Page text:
Access to information can be a wonderful thing. Some of the latest information to surface through this method was the fact that in January 2006 the newly formed Harper government intensified intelligence and surveillance of First Nations with an emphasis on splinter groups, such as the Warrior societies. With the Department of Indian…er… Aboriginal Affairs taking a lead role in the information-gathering process. Also included are First Nations leaders, participants and outside supporters of First Nation occupations and protests.

Every one of these target subjects and their actions are closely monitored. Non-Aboriginal groups were included as they are classed as potentially threatening. Aboriginal Affairs also expressed concern about “non-Aboriginal counter-protest groups.” An example of this would be the protestors in Chateauguay, Quebec who attacked police confronting the Kahnawake Mohawk blockade during the Oka Crisis in 1990. The Sûreté du Québec was caught between the two groups with no retreat possible.

Our friends in Aboriginal Affairs have been given the lead and hold weekly reports on communities that have engaged in direct actions when their lands or rights are believed to be threatened. It’s called the Hot Spot Reporting System and involves a close relationship with the RCMP. Hot spots First Nations that display unrest and an increase in militancy as determined by past and present actions. The Standing Information Sharing Forum is headed up by the RCMP and includes CSIS (Canadian Security Intelligence Service), Fisheries and Oceans Canada, Natural Resources Canada and Transport Canada in weekly teleconference calls. Aboriginal Affairs continuously updates the information they send out to these participants.

This is certainly an interesting mandate for the Department of Aboriginal Affairs but one that is hardly surprising. As much as we would all like to say that it is outrageous and a blow against the pillars of democracy, it is not any such thing. Without some limits upon our action, chaos and anarchy would occur in its absence. When one feels strongly enough about an issue to challenge the limitations that a state will place upon its citizens, then one must acknowledge the risks and take responsibility for their actions.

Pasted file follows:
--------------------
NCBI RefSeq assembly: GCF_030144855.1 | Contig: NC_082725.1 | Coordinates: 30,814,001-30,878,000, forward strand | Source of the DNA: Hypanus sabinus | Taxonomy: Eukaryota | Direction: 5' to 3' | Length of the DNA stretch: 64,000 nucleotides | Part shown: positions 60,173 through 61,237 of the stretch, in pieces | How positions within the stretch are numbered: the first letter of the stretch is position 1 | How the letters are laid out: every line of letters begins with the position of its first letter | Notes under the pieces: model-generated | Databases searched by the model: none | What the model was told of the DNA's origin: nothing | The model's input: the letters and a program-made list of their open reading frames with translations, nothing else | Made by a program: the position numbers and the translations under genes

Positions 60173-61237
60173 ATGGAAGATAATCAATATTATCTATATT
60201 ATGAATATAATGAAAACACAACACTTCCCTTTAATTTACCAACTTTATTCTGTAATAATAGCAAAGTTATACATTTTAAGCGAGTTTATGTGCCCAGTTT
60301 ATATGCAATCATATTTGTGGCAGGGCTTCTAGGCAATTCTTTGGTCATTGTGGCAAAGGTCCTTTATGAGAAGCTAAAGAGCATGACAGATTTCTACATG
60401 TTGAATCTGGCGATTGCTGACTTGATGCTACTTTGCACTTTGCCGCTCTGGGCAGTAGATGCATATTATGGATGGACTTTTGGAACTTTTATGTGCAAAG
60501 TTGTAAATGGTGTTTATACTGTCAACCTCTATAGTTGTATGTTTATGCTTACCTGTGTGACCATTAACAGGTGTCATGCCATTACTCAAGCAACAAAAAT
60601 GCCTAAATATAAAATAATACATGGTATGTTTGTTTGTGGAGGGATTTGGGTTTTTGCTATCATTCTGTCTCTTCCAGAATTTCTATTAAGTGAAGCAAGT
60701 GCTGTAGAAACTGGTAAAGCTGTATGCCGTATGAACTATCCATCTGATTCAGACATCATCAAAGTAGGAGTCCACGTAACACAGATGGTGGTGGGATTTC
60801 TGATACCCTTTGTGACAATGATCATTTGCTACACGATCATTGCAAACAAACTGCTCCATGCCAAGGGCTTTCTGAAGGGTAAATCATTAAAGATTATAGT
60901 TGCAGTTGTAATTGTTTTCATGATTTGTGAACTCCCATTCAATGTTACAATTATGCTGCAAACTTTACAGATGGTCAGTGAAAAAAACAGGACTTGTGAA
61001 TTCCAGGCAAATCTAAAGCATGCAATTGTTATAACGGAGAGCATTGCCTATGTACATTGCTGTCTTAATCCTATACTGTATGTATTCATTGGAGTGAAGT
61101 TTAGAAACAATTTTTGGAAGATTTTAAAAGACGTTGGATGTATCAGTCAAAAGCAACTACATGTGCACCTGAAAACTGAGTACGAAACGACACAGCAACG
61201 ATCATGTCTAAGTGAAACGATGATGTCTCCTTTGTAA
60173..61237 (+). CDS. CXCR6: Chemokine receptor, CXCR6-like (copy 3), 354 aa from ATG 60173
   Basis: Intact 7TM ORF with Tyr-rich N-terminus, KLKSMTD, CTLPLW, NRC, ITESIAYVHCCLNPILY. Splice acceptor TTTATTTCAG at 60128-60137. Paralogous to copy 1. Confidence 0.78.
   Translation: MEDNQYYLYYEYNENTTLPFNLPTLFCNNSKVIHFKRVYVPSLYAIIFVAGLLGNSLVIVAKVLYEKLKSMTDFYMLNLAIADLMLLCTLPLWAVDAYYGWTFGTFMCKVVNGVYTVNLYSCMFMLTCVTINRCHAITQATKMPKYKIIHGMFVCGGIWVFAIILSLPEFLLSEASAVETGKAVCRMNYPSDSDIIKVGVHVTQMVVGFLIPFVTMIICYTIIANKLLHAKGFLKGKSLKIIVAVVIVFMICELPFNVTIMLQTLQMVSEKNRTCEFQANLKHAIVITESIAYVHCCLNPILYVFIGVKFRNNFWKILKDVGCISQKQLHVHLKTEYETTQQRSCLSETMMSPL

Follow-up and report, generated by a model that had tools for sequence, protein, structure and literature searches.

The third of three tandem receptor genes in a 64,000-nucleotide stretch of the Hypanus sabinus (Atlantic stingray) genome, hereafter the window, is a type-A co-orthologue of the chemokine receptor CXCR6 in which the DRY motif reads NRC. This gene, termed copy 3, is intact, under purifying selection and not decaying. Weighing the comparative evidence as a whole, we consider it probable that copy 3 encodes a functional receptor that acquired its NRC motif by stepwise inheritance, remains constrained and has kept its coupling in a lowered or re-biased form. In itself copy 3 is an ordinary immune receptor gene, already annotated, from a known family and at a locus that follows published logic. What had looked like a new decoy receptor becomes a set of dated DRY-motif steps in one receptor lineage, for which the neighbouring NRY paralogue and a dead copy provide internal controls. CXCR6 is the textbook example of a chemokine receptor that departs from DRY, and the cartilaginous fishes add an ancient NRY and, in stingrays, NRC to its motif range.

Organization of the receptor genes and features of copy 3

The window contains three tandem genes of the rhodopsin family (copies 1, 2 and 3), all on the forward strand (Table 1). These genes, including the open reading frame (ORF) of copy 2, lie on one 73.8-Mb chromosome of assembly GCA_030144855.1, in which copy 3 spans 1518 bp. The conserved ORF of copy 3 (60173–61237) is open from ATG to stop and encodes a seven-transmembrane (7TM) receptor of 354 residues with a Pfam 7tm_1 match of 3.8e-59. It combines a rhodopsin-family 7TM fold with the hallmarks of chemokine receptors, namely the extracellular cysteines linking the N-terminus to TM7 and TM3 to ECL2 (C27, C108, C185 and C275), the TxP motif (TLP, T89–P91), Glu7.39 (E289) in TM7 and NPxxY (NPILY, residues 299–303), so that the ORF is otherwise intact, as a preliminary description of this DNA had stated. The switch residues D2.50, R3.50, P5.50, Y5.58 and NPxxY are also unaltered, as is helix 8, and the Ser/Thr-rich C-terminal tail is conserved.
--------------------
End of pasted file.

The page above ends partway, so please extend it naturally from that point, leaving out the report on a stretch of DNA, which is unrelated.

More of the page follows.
Surveillance or spying on certain members or groups has always been a tool of government. I will admit that today the intrusion of intelligence and law-enforcement agencies has become ever more sophisticated as we are monitored by satellites, public surveillance cameras (just look at the British CCTV system where even the average computer literate person can monitor them), our computer data is mined and profiled, our emails are scanned and phones are routinely tapped.

So First Nations are monitored and this is to be expected. The Black Panthers and the American Indian Movement were closely followed by the FBI. I am sure parts of the Muslim community in Canada receive the same treatment as First Nations.

Fisheries and Oceans Canada doesn’t want another Burnt Church surprise. Natural Resources Canada expects that some First Nations communities will not want certain types of development on their land. Transport Canada looks at possible blockades of roads, air runways and train tracks. All of them want to be prepared for the inevitable and this is why First Nations and their supporters or detractors are monitored.

I am not saying I am against the actions and means people will undertake when they believe they have no alternative, but merely that they be aware of the state’s actions and potential responses. If you are uncomfortable with the levels by which we are spied upon it is up to you to make your position clear to your elected representatives and vote in a new government if need be.